My sympathy for you lacking the ability to communicate and engage in a discussion involving facts and logic. Considering your choice of words, perhaps you might find a suitable career in the Marine Corps. You will find that you don’t have to think for yourself. Someone above you will do it for you.

  19. Bonnie Pacheco | March 8, 2021 at 3:16 am | Reply

    I like this article. Enough said.

  20. I was wondering how far into the article I’d have to read before there would be a statement proclaiming “but man-made global climate change is a worst catastrophe than anything nature can throw at us”.
    Have to say I wasn’t disappointed. They waited till nearly the end so they wouldn’t lose over half the reading audience too early.

  21. These climate change deniers need to get their ignorant anti-scientific treason-supporting lies the hell out of here. Take your phony lunatic conspiracies someplace else. This website is for SCIENCE- not for uneducated nazis who can’t even count a vote when the damn computer already counted. I mean, too dumb to use a calculator… that’s who these science-deniers are.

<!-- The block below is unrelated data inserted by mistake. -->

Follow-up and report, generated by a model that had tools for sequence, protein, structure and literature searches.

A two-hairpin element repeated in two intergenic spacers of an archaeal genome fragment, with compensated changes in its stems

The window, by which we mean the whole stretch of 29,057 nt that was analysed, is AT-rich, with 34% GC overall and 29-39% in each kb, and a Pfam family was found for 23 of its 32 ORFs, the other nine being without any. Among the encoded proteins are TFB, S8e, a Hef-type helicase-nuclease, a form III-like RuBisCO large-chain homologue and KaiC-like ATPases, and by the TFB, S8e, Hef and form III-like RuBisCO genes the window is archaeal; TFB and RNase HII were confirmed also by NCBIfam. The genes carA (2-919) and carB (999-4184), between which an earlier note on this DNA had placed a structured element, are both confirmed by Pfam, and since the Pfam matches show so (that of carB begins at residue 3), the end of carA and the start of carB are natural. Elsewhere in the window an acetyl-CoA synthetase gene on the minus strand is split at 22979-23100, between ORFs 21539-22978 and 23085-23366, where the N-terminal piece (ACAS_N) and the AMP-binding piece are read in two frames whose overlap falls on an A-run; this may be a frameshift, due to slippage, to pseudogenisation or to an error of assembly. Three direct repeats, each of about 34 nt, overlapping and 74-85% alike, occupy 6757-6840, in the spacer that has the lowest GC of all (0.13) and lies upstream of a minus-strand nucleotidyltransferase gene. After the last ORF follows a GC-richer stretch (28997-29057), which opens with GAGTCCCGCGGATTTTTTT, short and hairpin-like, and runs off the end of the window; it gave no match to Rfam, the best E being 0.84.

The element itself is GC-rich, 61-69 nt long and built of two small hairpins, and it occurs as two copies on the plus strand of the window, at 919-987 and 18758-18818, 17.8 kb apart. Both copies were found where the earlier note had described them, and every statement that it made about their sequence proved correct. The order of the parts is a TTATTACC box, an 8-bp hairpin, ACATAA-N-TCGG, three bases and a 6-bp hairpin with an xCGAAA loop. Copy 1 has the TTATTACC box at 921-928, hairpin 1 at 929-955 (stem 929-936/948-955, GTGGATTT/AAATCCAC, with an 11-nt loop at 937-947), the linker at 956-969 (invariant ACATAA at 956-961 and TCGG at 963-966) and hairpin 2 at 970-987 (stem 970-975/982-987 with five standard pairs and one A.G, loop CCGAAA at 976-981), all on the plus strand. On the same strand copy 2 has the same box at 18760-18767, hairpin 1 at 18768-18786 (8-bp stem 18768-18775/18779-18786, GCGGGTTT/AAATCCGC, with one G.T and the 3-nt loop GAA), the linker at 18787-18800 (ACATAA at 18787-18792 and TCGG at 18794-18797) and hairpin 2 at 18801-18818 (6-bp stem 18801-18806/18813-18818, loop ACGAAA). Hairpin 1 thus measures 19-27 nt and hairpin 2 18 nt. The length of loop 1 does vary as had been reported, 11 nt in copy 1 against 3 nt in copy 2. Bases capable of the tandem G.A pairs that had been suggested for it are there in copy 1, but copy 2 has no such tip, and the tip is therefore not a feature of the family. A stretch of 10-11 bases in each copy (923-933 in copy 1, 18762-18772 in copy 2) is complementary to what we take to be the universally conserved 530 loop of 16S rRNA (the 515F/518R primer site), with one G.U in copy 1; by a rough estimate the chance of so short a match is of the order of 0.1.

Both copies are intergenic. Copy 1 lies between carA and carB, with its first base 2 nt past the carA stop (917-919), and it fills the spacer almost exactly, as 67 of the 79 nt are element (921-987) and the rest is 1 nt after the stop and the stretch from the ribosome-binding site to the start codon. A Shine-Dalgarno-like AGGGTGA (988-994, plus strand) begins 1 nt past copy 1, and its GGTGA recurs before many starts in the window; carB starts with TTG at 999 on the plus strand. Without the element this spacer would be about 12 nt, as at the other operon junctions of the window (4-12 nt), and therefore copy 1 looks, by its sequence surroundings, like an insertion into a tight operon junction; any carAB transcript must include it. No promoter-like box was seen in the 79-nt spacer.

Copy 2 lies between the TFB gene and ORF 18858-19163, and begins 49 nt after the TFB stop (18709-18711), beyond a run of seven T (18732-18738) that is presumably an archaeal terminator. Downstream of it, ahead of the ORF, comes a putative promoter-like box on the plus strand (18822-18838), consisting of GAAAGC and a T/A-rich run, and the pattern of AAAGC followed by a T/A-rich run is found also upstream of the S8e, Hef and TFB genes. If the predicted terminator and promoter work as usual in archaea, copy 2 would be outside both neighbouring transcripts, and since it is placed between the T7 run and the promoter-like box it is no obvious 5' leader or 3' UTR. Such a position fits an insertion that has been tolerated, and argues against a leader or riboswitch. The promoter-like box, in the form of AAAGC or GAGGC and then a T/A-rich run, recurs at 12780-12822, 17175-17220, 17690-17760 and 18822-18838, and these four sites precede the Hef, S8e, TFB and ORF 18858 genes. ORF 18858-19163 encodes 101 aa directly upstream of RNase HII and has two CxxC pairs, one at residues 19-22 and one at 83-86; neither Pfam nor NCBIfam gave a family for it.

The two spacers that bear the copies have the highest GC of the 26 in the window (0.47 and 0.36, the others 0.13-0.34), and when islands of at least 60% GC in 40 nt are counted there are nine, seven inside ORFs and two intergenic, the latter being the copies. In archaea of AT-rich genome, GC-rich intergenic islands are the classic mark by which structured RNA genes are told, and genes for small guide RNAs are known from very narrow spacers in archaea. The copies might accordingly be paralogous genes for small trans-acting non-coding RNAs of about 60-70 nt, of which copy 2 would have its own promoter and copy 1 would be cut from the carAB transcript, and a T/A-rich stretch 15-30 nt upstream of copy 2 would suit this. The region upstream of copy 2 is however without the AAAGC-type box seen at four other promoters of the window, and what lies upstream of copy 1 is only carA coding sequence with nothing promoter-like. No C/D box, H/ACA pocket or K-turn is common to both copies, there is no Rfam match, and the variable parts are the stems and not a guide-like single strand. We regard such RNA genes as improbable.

• Clyde Spencer | March 10, 2021 at 3:14 pm | Reply

      DC

      Five times you paste the same unimaginative vitriol! How desperate you are to be heard!

      Get a life.

  22. If the poles flip in an event like this, coal and oil based economies will be tho only civilizations which survive. If you think solar, wind and battery based solutions are where you want to pin your hopes during these conditions, you’re a twit.

  23. M. T. Johnson | March 12, 2021 at 9:27 am | Reply